Launched for the entire Drive suite in September 2016, "Explore" enables additional functionality through machine learning. In Google Sheets, Explore enables users to ask questions, such as "How many units were sold on Black Friday?" and Explore will return the answer, without requiring formula knowledge from the user. In June 2017, Google expanded the Explore feature in Google Sheets to automatically build charts and visualize data and again expanded it in December to feature machine learning capable of automatically creating pivot tables. In October 2016, Google announced the addition of "Action items" to Sheets. If a user assigns a task within a Sheet, the service will intelligently assign that action to the designated user. Google states this will make it easier for other collaborators to visualize who is responsible for a task. When a user visits Google Drive or Sheets, any files containing tasks assigned to them will be highlighted with a badge. In March 2014, Google introduced add-ons; new tools from third-party developers that add more features for Google Sheets.
In order to view and edit spreadsheets offline on a computer, users need to be using the Google Chrome web browser. A Chrome extension, Google Docs Offline, allows users to enable offline support for Sheets and other Drive suite files on the Google Drive website. The Android and iOS apps natively support offline editing.
Files in the following formats can be viewed and converted to the Sheets format: .xls (if newer than Microsoft Office 95), .xlsx, .xlsm, .xlt, .xltx, .xltm .ods, .csv, .tsv, .txt and .tab Overall document size is capped at 10 million cells.
The Sheets app and the rest of the Google Docs Editors suite are free to use for individuals, but Sheets is also available as part of the business-centered Google Workspace (formerly G Suite) service by Google, which is a monthly subscription that enables additional business-focused functionality.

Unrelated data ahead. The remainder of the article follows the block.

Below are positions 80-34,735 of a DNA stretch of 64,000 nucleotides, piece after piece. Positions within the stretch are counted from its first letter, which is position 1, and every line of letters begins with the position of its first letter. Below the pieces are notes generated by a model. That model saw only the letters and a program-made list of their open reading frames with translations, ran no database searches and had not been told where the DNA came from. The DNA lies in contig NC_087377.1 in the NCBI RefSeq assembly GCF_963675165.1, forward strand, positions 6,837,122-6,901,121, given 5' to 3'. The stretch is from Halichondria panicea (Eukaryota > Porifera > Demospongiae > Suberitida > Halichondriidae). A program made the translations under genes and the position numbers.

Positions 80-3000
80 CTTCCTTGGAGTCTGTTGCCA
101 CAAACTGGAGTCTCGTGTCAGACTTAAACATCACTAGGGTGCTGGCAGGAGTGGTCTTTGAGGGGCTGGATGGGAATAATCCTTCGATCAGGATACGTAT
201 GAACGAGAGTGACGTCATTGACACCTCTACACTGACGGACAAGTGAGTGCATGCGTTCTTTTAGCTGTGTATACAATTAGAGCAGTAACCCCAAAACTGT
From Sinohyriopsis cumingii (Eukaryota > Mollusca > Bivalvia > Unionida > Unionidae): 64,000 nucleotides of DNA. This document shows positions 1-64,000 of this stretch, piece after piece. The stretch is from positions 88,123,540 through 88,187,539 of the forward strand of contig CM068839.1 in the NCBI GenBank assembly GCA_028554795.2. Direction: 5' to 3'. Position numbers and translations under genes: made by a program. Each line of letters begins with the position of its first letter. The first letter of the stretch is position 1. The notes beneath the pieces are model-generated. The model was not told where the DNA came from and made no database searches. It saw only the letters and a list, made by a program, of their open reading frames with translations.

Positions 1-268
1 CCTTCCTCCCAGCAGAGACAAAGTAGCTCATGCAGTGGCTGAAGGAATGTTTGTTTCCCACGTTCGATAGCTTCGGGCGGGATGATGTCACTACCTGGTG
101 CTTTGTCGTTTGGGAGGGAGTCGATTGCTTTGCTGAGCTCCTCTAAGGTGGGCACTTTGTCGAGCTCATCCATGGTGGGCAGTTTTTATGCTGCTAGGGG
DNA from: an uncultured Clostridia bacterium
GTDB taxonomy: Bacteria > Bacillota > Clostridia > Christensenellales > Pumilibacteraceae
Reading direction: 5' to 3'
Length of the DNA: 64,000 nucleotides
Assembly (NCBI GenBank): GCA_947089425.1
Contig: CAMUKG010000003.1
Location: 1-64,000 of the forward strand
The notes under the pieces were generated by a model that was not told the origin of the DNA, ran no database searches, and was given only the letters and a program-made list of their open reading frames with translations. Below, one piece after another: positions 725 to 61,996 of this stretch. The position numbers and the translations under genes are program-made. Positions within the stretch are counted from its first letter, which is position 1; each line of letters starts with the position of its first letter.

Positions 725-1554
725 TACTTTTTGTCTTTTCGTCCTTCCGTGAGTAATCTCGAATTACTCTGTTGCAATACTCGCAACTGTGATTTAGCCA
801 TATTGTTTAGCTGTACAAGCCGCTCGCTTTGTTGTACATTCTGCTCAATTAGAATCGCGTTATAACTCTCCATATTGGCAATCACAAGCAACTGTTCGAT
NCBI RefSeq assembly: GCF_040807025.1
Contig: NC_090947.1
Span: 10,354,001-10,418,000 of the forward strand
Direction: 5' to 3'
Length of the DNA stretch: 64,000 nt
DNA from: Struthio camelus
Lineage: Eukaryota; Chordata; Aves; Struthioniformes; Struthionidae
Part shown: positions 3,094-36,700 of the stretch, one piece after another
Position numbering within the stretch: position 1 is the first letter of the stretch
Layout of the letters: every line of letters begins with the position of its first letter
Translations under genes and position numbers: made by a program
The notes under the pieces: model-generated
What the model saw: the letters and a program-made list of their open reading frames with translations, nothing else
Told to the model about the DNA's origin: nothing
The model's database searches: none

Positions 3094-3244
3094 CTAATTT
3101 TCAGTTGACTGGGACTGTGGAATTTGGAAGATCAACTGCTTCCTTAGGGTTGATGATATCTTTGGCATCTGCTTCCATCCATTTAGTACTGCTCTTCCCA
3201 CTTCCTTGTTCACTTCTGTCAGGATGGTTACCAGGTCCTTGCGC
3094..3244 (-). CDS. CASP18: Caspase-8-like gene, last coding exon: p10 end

Sheets can produce Google Charts and has a third-party plugin which allows for integration with Wikipedia.
A simple find and replace tool is available. The service includes a web clipboard tool that allows users to copy and paste content between Google Sheets and Google Docs, Google Slides, and Google Drawings. The web clipboard can also be used for copying and pasting content between different computers. Copied items are stored on Google's servers for up to 30 days. Google offers an extension for the Google Chrome web browser called Office editing for Docs, Sheets and Slides that enables users to view and edit Microsoft Excel documents on Google Chrome, via the Google Sheets app. The extension can be used for opening Excel files stored on the computer using Chrome, as well as for opening files encountered on the web (in the form of email attachments, web search results, etc.) without having to download them. The extension is installed on Chrome OS by default. As of June 2019, this extension is no longer required since the functionality exists natively.
Google Cloud Connect was a plug-in for Microsoft Office 2003, 2007, and 2010 that could automatically store and synchronize any Excel document to Google Sheets (before the introduction of Drive). The online copy was automatically updated each time the Microsoft Excel document was saved. Microsoft Excel documents could be edited offline and synchronized later when online. Google Cloud Connect maintained previous Microsoft Excel document versions and allowed multiple users to collaborate by working on the same document at the same time. However, Google Cloud Connect has been discontinued as of April 30, 2013, as, according to Google, Google Drive achieves all of the above tasks, "with better results".
While Microsoft Excel maintains the 1900 Leap year bug, Google sheets 'fixes' this bug by increasing all dates before March 1, 1900, so entering "0" and formatting it as a date returns December 30, 1899. On the other hand. Excel interprets "0" as meaning December 31, 1899, which is formatted to read January 0, 1900.